Writers of the Future Winner from 2012 William Mitchell Continues His Successful Publishing Career with His First Novel Publication

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John Hunt Publishing's Cosmic Egg Science Fiction Imprint Has Released "Creations"


Hundreds of winners have had successful writing careers following their win and publication in the anthology, and to date has launched the careers of 12 New York Times bestsellers.

William Mitchell, a winner in the 2012 Writers of the Future Contest and published in L. Ron Hubbard Presents Writers of the Future Volume 28, has taken another step in his career as a professional writer. After seeing his winning story, "Contact Authority" published in the annual anthology—and so beating out several thousand other contestants—Mitchell soon had an agent and went to work on his first published novel.

Mitchell's first novel, "Creations," is now being published by John Hunt Publishing. The story is a near-future hard SF novel involving space exploration, lunar colonization and self-replicating machines. This is certainly Mitchell's forte, being a rocket scientist by day.

William was recently interviewed about the novel and stated, "The inspiration for this novel was a NASA study carried out way back in 1980, looking into the feasibility of building self-replicating machines. Even the idea sounds like science fiction, but they concluded that it was possible, and even came up with a concept for a self-replicating lunar factory, designed to autonomously grow and copy itself until it covered the entire surface of the moon. As soon as I heard about the idea my first thought was 'What if you built it to learn from experience, and improve its own design every time it copied itself? What would it eventually turn into?' The idea seemed too cool to leave alone, though in 'Creations' the results are anything but cool for the people involved -- let's just say it gets messy. But the fact that this is something NASA have seriously considered gave a lot of technical plausibility to the idea, and my own background in aerospace research helped carry that plausibility through to the rest of the story. And we see the whole thing through the eyes of Max Lowrie, the man whose work made it possible, but who was coerced into taking part and then has to deal with the consequences of these machines getting out of control."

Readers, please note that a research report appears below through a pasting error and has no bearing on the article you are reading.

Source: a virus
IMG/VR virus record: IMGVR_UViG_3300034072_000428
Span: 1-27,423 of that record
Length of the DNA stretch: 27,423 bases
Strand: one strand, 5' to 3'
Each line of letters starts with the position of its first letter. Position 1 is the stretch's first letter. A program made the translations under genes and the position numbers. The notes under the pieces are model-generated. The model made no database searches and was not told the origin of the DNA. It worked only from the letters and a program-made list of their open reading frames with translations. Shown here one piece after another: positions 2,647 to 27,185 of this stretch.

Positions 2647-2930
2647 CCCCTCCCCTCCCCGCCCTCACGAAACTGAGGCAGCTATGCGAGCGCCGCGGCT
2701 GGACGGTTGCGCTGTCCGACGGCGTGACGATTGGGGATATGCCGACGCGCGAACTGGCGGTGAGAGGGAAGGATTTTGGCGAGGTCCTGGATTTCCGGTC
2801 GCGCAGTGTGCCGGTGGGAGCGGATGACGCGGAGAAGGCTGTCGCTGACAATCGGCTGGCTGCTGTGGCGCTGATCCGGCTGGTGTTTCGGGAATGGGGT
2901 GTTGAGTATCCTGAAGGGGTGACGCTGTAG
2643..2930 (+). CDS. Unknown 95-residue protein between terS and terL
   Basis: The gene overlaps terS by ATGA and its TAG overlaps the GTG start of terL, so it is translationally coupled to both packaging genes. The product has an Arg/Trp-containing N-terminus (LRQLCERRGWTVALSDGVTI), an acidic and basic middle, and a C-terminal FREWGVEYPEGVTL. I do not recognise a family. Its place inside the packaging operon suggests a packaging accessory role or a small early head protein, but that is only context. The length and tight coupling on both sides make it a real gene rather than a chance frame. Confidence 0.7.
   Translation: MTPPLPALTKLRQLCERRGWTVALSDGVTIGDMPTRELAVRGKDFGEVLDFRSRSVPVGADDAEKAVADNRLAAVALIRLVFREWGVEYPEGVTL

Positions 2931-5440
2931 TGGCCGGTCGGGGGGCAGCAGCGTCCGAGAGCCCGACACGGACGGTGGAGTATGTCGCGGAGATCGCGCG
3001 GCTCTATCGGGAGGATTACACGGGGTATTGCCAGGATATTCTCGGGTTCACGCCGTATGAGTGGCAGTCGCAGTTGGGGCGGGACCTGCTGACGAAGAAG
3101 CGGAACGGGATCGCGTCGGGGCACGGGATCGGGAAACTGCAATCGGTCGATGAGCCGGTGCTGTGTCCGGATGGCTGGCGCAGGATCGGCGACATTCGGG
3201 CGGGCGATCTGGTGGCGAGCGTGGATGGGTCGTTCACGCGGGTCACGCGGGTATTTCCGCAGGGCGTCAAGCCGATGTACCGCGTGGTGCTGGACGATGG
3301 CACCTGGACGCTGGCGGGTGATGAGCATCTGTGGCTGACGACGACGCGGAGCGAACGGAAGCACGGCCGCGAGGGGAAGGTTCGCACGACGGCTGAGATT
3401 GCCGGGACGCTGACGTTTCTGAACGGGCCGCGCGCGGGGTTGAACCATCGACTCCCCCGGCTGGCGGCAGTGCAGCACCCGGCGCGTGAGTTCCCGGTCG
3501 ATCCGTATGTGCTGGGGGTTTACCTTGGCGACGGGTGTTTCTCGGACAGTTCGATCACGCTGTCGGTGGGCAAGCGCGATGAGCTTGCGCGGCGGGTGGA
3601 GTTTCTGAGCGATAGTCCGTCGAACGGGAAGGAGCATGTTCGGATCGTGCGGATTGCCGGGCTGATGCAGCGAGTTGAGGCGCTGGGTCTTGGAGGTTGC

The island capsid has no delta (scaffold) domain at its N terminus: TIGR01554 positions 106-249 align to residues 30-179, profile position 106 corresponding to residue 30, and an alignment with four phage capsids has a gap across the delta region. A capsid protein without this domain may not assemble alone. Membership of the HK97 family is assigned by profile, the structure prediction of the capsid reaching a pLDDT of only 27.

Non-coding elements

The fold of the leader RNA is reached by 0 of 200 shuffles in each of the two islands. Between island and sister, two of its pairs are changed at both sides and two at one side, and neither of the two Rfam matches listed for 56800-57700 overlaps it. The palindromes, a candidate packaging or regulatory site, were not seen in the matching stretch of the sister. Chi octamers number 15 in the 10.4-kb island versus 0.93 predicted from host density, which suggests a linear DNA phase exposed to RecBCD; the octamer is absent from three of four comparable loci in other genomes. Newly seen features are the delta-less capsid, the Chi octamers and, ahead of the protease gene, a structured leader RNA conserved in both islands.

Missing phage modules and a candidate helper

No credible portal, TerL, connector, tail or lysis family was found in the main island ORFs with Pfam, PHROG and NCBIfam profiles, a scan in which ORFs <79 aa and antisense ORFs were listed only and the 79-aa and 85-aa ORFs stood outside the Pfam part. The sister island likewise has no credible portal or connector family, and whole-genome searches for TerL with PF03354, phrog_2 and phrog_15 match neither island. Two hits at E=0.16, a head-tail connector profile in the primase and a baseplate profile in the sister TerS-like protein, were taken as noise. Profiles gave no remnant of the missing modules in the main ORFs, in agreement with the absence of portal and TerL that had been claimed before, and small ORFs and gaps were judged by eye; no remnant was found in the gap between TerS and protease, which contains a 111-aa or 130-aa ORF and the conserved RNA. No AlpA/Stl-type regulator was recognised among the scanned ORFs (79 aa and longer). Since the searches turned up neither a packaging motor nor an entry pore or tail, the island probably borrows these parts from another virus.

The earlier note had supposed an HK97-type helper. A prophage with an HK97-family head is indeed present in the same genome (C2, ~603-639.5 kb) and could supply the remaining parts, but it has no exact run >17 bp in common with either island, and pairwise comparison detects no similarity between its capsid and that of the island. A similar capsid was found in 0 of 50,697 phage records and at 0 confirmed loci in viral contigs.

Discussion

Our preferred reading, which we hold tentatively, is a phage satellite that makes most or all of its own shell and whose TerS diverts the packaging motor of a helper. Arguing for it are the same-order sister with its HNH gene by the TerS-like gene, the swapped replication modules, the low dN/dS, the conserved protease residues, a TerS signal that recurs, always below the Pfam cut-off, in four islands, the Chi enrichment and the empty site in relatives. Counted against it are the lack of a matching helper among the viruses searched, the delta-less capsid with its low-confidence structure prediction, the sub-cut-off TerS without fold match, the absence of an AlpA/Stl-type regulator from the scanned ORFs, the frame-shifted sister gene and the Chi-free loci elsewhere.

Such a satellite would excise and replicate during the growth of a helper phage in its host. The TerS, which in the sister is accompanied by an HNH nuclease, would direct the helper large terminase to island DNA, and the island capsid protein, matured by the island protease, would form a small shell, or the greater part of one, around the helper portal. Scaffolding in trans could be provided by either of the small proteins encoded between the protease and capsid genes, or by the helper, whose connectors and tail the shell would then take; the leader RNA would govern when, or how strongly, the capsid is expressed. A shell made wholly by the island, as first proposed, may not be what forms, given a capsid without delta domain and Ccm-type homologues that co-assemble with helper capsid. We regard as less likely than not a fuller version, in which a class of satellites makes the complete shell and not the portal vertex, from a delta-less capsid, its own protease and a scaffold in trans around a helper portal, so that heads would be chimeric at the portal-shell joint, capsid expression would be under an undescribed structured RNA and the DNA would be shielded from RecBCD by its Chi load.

Mitchell has short stories published, including "The Book of Dark Wisdom,", "Horrors Beyond," "Midnight Street," "Something Wicked," and a SF piece to Canadian Magazine, "Neo-Opsis".

Now in its 31st year, the Writers of the Future Contest began in 1983 and attracts entries worldwide in science fiction and fantasy. Twelve quarterly winners receive prize monies and, along with selected finalists, are published in an annual anthology, L. Ron Hubbard Presents Writers of the Future (Galaxy Press). The book is sold in bookstores and at Amazon.com and gives the winners the exposure that they need.

Inspired by multiple New York Times best-selling author L. Ron Hubbard, the merit-based Writers of the Future Contest was initiated by him to discover and encourage talented beginning writers of science fiction and fantasy, and thus launch careers.

The idea has proved very successful. Hundreds of winners have had successful writing careers following their win and publication in the anthology, and to date has launched the careers of 12 New York Times bestsellers including: Jo Beverley, Tobias S. Buckell, Nancy Farmer, Eric Flint, Karen Joy Fowler, Tim Myers, Patrick Rothfuss, Lisa Smedmen, Dean Wesley Smith, Elizabeth Wein, Sean Williams, and Dave Wolverton aka David Farland.

Prospective writers should visit http://www.writersofthefuture.com for more information on how to enter the contest.

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Joni Labaqui
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